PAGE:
The headline to this story practically writes itself, which makes it hard to pick just one. To sum up the latest celebrity financial foible, here are three other titles that didn't quite make the cut:

  • IRS Bites Dogg
  • Uncle Sam Takes On the Doggfather
  • IRS Snoops Around Rapper's Finances

Now, the Snoop scoop: The Internal Revenue Service has filed a $598,309 lien against Snoop Dogg for back taxes owed, according to The Detroit News.

Snoop (a.k.a. Calvin Broadus) is an accomplished rap star (a leader in the "gangsta" oeuvre), gifted actor (consider his nuanced performance as Huggy Bear in Starsky & Hutch), and impassioned environmentalist (his name is synonymous with marijuana advocacy).

Oh, and he's a repeat offender: Last April, the state of California put a tax lien on Dogg's home for failing to pay $284,053 he owed.

That's pretty much all we know at the moment, since Snoop's publicist is keeping mum and the IRS bafflingly does not Tweet about its dealings. We do know that Mr. Dogg is not the only celebrity to fail to file his Form 1040-EZ by the deadline.

IRS Goes After [Insert Celebrity Name]
 "Oops, honey, I forgot to pay our taxes …  again," has become standard breakfast-time banter in households located in certain gilded zip codes. Here are just a few of the highly Google-able individuals carrying around IOUs to the IRS and/or various state tax authorities:

  • Broncos legend John Elway ($5,886)
  • Academy Award-nominated actor Terrence Howard ($1.1 million)
  • Hip-hop singer/actress Eve ($357,000)
  • Retired Oakland A Jose Canseco ($320,000)
  • '80s R&B sensation El DeBarge ($354,000)

And those are just the folks reported so far this month.

What's the deal with celebrities and big tax tabs?
How exactly do the rich and famous manage to so badly botch their finances? In most cases, we can only speculate. Did "pay taxes" not make it onto the April "to do" list? Do they assume someone in their entourage is taking care of business? Did they misplace their tax paperwork in one of their six homes? Do they have liquidity issues, with all their money tied up in castles and dinosaur fossils?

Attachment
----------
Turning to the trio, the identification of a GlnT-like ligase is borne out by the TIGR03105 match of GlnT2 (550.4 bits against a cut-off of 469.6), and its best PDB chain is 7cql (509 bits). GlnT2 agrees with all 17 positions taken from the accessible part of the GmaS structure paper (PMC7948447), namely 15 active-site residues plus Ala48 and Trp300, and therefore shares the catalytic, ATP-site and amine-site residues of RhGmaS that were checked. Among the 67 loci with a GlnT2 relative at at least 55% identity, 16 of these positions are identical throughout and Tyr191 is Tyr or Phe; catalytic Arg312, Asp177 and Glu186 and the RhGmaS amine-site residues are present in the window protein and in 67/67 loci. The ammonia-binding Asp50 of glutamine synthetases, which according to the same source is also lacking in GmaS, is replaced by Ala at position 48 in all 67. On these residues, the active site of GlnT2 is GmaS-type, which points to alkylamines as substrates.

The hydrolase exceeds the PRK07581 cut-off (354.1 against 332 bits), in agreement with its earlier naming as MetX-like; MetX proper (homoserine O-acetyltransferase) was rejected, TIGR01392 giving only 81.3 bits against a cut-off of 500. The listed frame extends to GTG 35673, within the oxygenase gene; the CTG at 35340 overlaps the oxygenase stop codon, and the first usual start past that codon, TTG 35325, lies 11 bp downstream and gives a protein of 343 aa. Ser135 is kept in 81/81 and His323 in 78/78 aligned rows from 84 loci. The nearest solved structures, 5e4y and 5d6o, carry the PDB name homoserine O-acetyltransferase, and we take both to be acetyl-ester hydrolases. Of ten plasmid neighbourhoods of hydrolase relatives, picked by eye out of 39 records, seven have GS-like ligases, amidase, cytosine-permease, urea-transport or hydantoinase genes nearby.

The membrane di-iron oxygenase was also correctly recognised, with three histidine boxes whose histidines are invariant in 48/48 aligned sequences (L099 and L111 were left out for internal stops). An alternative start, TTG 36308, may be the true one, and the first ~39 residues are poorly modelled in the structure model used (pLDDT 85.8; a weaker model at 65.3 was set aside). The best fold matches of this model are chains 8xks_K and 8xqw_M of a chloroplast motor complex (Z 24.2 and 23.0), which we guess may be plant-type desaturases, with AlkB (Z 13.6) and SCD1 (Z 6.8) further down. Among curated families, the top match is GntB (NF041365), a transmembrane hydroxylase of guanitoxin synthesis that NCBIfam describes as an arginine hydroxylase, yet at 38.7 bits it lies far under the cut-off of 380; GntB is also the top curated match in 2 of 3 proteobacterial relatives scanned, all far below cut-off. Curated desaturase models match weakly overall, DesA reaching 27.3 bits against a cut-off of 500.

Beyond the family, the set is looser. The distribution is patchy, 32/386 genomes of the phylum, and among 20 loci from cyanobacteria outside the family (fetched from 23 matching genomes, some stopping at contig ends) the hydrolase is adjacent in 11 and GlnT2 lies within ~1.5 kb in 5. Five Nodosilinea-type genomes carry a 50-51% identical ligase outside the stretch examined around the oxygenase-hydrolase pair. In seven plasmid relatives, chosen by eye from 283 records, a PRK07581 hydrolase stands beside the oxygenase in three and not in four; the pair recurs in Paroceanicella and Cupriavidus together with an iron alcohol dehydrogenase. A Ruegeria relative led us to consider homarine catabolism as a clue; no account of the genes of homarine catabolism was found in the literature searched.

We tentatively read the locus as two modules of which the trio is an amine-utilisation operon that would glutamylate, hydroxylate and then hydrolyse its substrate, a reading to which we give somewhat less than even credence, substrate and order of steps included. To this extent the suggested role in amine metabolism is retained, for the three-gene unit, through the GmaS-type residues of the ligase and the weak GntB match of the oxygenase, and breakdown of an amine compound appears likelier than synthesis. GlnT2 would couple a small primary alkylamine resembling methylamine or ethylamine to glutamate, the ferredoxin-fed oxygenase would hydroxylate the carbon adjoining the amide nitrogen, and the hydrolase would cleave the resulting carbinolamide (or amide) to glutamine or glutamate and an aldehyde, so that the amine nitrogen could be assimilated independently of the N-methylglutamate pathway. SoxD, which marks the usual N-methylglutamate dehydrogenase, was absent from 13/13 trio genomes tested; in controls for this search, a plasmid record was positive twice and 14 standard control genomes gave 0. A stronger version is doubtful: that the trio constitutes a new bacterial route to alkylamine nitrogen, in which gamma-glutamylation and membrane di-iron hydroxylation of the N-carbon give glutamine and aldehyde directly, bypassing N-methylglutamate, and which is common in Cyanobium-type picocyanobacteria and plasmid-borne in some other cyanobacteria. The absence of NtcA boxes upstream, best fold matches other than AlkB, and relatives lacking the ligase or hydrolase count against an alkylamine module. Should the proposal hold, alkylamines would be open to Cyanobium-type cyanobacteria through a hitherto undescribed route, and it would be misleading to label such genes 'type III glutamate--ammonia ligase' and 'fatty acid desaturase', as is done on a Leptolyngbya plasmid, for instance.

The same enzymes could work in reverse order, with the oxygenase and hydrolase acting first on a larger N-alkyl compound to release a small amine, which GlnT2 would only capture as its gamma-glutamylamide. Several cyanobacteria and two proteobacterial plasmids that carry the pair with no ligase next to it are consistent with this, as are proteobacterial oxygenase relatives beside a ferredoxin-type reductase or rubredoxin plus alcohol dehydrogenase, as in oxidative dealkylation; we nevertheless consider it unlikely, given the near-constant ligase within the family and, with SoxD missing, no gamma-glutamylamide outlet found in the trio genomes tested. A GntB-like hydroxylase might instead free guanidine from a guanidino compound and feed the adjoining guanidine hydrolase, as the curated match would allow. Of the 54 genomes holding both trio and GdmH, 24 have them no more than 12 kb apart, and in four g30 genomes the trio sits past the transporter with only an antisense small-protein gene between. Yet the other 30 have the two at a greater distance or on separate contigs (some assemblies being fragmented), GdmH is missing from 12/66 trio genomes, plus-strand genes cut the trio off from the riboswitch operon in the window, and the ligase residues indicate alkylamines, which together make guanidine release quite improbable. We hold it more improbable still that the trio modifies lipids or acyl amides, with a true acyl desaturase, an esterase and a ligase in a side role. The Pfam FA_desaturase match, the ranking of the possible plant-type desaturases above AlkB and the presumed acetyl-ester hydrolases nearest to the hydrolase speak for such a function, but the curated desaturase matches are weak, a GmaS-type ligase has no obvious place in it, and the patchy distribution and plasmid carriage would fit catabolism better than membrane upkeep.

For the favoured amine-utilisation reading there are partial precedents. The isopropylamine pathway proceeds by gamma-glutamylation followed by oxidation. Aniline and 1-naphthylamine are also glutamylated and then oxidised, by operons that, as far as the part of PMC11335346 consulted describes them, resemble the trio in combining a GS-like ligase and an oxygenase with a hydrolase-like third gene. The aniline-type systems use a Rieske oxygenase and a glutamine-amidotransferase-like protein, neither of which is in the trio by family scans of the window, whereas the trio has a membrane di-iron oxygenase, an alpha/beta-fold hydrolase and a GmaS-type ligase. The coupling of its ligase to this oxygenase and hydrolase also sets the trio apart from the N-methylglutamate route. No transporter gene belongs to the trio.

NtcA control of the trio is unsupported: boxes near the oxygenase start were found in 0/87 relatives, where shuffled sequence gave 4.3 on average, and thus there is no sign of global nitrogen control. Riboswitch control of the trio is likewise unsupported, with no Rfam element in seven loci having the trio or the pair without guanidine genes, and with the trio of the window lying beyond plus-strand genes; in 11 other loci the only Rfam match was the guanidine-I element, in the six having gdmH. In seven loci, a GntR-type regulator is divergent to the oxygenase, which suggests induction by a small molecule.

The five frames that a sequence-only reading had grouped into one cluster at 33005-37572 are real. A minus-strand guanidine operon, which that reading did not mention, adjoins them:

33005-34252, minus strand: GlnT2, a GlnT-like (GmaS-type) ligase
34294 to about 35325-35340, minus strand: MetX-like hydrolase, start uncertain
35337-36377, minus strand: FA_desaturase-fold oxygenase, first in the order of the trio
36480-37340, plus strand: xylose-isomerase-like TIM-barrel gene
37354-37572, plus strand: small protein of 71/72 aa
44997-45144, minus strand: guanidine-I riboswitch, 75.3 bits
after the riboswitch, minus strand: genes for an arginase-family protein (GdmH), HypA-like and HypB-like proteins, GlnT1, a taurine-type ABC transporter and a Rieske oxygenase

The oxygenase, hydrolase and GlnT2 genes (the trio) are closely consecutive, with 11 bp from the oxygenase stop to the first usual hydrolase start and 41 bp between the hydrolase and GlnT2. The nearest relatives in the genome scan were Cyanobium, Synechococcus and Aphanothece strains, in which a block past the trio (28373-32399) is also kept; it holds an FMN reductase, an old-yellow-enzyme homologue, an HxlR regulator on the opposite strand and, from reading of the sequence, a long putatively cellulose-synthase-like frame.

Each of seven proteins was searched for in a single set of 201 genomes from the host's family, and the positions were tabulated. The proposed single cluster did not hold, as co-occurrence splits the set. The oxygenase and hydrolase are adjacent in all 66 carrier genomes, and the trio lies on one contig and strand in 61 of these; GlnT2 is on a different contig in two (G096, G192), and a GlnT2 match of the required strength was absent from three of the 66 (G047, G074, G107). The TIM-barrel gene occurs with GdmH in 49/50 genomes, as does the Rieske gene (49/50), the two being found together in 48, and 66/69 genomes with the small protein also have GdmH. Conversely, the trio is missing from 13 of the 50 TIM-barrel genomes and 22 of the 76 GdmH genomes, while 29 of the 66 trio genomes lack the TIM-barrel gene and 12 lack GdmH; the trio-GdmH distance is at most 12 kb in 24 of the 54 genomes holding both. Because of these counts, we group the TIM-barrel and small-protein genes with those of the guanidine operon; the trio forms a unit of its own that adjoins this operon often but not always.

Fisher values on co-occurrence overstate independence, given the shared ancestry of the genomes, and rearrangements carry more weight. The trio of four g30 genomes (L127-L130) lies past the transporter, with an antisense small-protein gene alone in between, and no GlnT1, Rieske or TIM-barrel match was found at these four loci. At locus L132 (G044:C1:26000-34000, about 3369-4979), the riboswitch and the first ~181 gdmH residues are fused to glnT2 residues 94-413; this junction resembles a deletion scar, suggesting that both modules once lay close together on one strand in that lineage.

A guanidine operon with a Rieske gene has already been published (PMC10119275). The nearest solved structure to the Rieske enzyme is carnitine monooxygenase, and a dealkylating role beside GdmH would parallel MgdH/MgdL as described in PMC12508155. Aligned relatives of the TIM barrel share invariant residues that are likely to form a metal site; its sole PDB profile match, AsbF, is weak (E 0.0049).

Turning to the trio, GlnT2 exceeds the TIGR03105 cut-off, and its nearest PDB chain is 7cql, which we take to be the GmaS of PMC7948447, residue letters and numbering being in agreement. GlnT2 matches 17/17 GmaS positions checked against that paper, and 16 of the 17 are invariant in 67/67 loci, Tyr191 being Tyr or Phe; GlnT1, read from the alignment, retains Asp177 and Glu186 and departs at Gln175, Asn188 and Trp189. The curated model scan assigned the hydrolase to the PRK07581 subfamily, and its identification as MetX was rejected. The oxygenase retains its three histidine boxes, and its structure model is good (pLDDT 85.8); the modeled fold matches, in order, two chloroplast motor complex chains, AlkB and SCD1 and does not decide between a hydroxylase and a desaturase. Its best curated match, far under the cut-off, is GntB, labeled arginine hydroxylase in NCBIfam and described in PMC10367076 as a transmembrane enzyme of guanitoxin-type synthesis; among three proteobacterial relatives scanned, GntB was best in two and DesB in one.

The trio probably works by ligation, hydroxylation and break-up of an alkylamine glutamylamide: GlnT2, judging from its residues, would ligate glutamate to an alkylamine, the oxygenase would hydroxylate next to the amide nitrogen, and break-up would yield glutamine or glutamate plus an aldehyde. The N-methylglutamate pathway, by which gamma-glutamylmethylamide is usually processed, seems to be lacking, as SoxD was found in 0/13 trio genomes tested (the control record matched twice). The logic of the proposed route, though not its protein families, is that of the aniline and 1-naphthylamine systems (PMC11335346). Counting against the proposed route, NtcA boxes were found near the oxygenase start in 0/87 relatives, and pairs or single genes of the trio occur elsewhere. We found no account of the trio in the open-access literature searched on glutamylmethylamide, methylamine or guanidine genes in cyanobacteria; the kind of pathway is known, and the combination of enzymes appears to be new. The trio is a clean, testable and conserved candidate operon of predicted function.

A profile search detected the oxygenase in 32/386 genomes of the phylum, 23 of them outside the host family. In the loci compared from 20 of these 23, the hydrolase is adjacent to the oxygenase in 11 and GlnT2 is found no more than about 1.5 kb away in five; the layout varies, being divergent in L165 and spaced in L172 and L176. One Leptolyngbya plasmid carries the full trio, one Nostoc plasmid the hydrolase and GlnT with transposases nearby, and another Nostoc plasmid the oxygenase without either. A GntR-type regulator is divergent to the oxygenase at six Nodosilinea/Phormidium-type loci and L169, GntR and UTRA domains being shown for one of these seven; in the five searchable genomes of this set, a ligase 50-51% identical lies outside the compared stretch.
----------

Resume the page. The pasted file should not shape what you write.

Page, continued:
Don't these people have people for these kinds of things?

Actually, we can answer that last one: Yes, they do have people. Sadly, those people don't always have their back.

Nicolas Cage had a guy to manage his affairs. Last November, Cage sued that guy for mismanaging his finances, leaving the actor with $6 million-plus in tax liabilities.

Steven Spielberg, Kevin Bacon, and Kyra Sedwick also had a guy. His name was Bernie Madoff.

Not all financial pros mess up their high-profile clients' finances. When her handlers brought in a guy to help Britney Spears deal with her spendaholism, she learned to live on a monthly budget of "just" $1 million. (Hey, that's one-fifth of what it was previously.) Michael Jackson left a money mess in his wake. But the guy he hired to write his will and set up a trust did a bang-up job, saving his family from ugly courtroom showdowns and helping his lawyers usher his estate through probate.

Today's "teaching moment"
What can we learn from Snoop Dogg's headline-grabbing money troubles? Plenty.

  • Stay on top of your taxes: Get organized and stay organized. And for heaven's sake, mark the due date for filing your taxes on your calendar. In pen.
  • Check out the help's background: Here's how to find a tax pro in the know.
  • Double-check your homework: Even if you hire someone else to prepare your taxes, in the end, it's your signature on the line, and you are solely responsible for paying the consequences of any mistakes. You can audit-proof your own tax return by double-checking the things that trigger the IRS's attention.
  • Never ignore the IRS: If worse comes to worse and you do get a nastygram from the IRS, don't panic. Instead, prepare. Here's a rundown of things that will help you survive an IRS audit.

Dayana Yochim is not afraid to admit that her first exposure to rap was Adam Ant's "Ant Rap." Since then, she has expanded her rap music collection to include actual rap music. The Fool's disclosure policy is way too into world music.